The Miranda Project is an innovative, gender specific approach to crime prevention targeting women with complex needs who are at risk of offending and reoffending. It aims to do this through the establishment of a holistic inclusive support service.
The Project is an initiative of the Corrective Services Women’s Advisory Council and a project of the CRC. Modelled on women’s centres in the UK that have been evaluated and found to have remarkably positive impacts on women’s lives, the Miranda Project is a first for NSW and Australia.
The service will assist women to desist from offending, function as a diversionary program and provide post-release support for those returning to the community.
Statistics on Women in Custody
30 June 2015 Australian Bureau of Statistics Census figures
- Total number of women in custody – 861
- Total number released in 12 months to 30 June – 1861
- % serving up to 24 months – 86%
- % releases as first time offenders – 30%
- % of remainder serving 2 years or less – 97.5%
- % released to non-custodial penalty – 80%
The trend leading to unprecedented numbers of women in NSW prisons
- Female inmates 1995 – 835
- Female inmates 2013 – 2,350. This is a 180% increase
- Female inmates on remand 1995 – 126
- Female inmates on remand 2013 – 642
- Number of females sentenced 1995 – 709
- Number of females sentenced 2013 – 1708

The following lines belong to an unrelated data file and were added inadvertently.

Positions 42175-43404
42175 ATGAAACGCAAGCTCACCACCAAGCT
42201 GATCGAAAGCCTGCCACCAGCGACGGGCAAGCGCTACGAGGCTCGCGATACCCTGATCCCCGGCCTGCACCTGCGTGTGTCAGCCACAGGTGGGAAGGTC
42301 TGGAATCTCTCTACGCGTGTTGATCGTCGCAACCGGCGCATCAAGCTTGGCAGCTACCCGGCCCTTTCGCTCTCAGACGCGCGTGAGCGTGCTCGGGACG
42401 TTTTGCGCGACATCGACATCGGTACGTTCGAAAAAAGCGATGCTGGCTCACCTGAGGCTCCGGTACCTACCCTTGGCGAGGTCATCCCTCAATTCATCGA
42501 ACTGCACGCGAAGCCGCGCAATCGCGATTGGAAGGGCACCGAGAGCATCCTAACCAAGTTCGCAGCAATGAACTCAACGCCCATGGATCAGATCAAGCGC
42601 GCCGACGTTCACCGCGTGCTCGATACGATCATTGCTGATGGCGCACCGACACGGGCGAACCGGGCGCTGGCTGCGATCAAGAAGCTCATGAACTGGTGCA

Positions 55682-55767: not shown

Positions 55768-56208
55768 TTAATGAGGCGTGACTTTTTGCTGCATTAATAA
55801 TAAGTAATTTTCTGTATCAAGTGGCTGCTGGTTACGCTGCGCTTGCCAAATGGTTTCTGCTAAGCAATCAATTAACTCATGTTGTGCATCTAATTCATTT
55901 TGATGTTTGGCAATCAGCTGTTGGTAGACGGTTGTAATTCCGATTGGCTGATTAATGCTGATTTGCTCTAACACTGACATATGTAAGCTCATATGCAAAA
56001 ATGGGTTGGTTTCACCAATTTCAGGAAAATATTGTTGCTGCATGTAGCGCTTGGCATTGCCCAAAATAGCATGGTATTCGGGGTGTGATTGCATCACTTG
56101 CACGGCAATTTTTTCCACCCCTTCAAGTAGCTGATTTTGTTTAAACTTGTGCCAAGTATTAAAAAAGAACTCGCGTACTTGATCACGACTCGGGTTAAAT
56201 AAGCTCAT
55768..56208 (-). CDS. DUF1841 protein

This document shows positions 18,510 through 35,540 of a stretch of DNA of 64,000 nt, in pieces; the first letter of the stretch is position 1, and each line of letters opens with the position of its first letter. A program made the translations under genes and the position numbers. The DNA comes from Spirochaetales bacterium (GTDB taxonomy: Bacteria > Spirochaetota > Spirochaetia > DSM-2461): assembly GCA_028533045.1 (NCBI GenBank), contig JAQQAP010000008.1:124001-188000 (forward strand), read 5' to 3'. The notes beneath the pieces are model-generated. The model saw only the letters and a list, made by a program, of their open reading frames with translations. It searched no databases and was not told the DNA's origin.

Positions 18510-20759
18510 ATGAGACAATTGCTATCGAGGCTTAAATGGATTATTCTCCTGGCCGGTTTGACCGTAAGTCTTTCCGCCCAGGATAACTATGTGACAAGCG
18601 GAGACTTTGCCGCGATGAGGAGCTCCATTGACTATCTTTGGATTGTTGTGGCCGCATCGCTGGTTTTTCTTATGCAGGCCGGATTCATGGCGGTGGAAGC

- Indigenous women’s imprisonment rate in 2013 at 420/100,000 which is 15% greater than the general female population
- In 2013 33% of female inmates were indigenous
- In 2013 75% of female inmates serving sentence of up to and less than 12 months
- In 2013 recidivism rates for indigenous women at 66.8% compared with 41.5% for general population
Women are currently being sentenced at 4 times the number they were 20 years ago with more women in custody on remand than men. Women have short but frequent periods of imprisonment. A diversionary program such as Miranda can have an immediate impact on numbers of women in custody serving short terms or remaining on remand for long periods of time and therefore, on the consequent disastrous impact on their families and communities.
For more data from the Australian Bureau of Statistics see www.abs.gov.au/ausstats/abs@.nsf/mf/4512.0?OpenDocument